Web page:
Would a tourist tax affect UK hotels?

04 December 2019

In our Hotels Forecast 2019-2020, we briefly noted growing talk of tourist taxes in the UK as a way for councils to increase local funding and generate new revenue. Here, we consider this issue in more detail, with a look at the ‘transient visitor levy’ tourist tax proposal in Scotland.


Arguments for and against a tourist tax

Currently, the UK is one of only nine countries in the EU that doesn’t allow cities to charge a tourist accommodation tax. Earlier this year, the Local Government Association recommended that local councils should be allowed to introduce a tourist tax to help them raise much-needed finances.

Those in favour of a tourist tax argue it:

  1. Helps to cover additional costs to local areas, such as policing and keeping streets and parks clean.
  2. Raises additional revenues for local services, local taxpayers and communities, and to enhance the tourist experience.

However, those against a tourist tax argue it:

  1. Might lead to fewer tourists and other short term visitors.
  2. Could reduce economic activity and revenues from other taxes.

The hotel industry has raised concerns about the impact it might have on the attractiveness and competitiveness of areas that introduce such a tax.


Impact of the tourist tax on hotels

While tourist taxes are intended to address the local impact of visitors, local governments have to be careful that they do not negatively affect accommodation providers.

Generally, the hospitality industry appears to oppose tourist taxes, arguing that the UK’s tourism industry is already one of the most highly taxed in the world.

According to the All-Party Parliamentary Group for Hospitality, tourist taxes must be "treated with caution". Its report calls for “greater examination of the potential impact of a tourist tax on consumers, businesses and the economy before taking any decisions on the principle of introducing one.” It suggests the introduction of another tax on the industry would require a significant cut in other rates for hotels, stating: “if VAT is cut to continental levels alongside the introduction of a tax, it is likely that this would mitigate industry opposition.” In European cities with tourist taxes, for example, VAT rates are significantly lower than the 20% in the UK - Italy and France is 10%, Germany 7% and the Netherlands 6%.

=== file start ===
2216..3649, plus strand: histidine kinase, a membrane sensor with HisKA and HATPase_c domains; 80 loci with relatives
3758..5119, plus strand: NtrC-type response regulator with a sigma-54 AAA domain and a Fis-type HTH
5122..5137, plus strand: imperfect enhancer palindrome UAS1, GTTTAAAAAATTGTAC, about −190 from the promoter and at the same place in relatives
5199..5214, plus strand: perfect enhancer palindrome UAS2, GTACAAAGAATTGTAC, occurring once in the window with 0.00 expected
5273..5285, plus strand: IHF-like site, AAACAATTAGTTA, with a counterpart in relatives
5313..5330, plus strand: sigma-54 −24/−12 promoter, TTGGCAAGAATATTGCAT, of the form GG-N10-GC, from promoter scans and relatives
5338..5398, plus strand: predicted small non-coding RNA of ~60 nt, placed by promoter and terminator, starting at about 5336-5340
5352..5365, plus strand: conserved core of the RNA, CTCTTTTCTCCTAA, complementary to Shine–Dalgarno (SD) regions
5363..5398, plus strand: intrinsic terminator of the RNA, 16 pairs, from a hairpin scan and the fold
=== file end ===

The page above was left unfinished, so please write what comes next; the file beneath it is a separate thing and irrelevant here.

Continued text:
Scotland’s transient visitor levy

Significant growth in visitors to specific parts of Scotland has led to greater pressures on the local environment and on activities that maintain and enhance the tourist experience.

The last Scottish budget proposed to give local councils the power to impose a discretionary 'transient visitor levy'; the Scottish Government is now consulting on the principles of the levy. Edinburgh Council has put forward specific proposals suggesting a charge of either 2% or £2 per room per night. This would be chargeable all year round on all forms of accommodation, capped at seven nights. This charge would only take effect if legislation is passed in the Scottish Parliament.

There was strong public support for the proposal, but also significant push back from the tourist industry and hotels in particular. Concerns include the possible impact on tourist numbers, overnight visitors being replaced by day visitors who often spend less, and whether the levy can be fully enforced on Airbnb accommodation and its equivalents.


What’s next for the tourist tax?

If the tourist tax takes off across the UK, the hotels sector is likely to seek a reduction in its overall tax burden, including arguing that a cut to VAT is needed to help mitigate the impact on the industry.

While a levy similar to Edinburgh’s proposal brings little revenue at a national level, it can raise significant finance for local councils. The key question is whether it dissuades people from overnight stays and becomes detrimental for the hotel industry and the wider local economy. We will watch the developments in Scotland with interest, particularly as other regions across the UK (including Liverpool, Bath, Aberdeen, and the Scottish Highlands) also monitor the situation.

For more industry-leading insight, an assessment of UK hotels performance this year, and a look ahead to 2020, read our Hotels Forecast 2020: Turn disruption into opportunity.


Sharon  Blain

Sharon Blain | Senior Tax Manager, PwC United Kingdom
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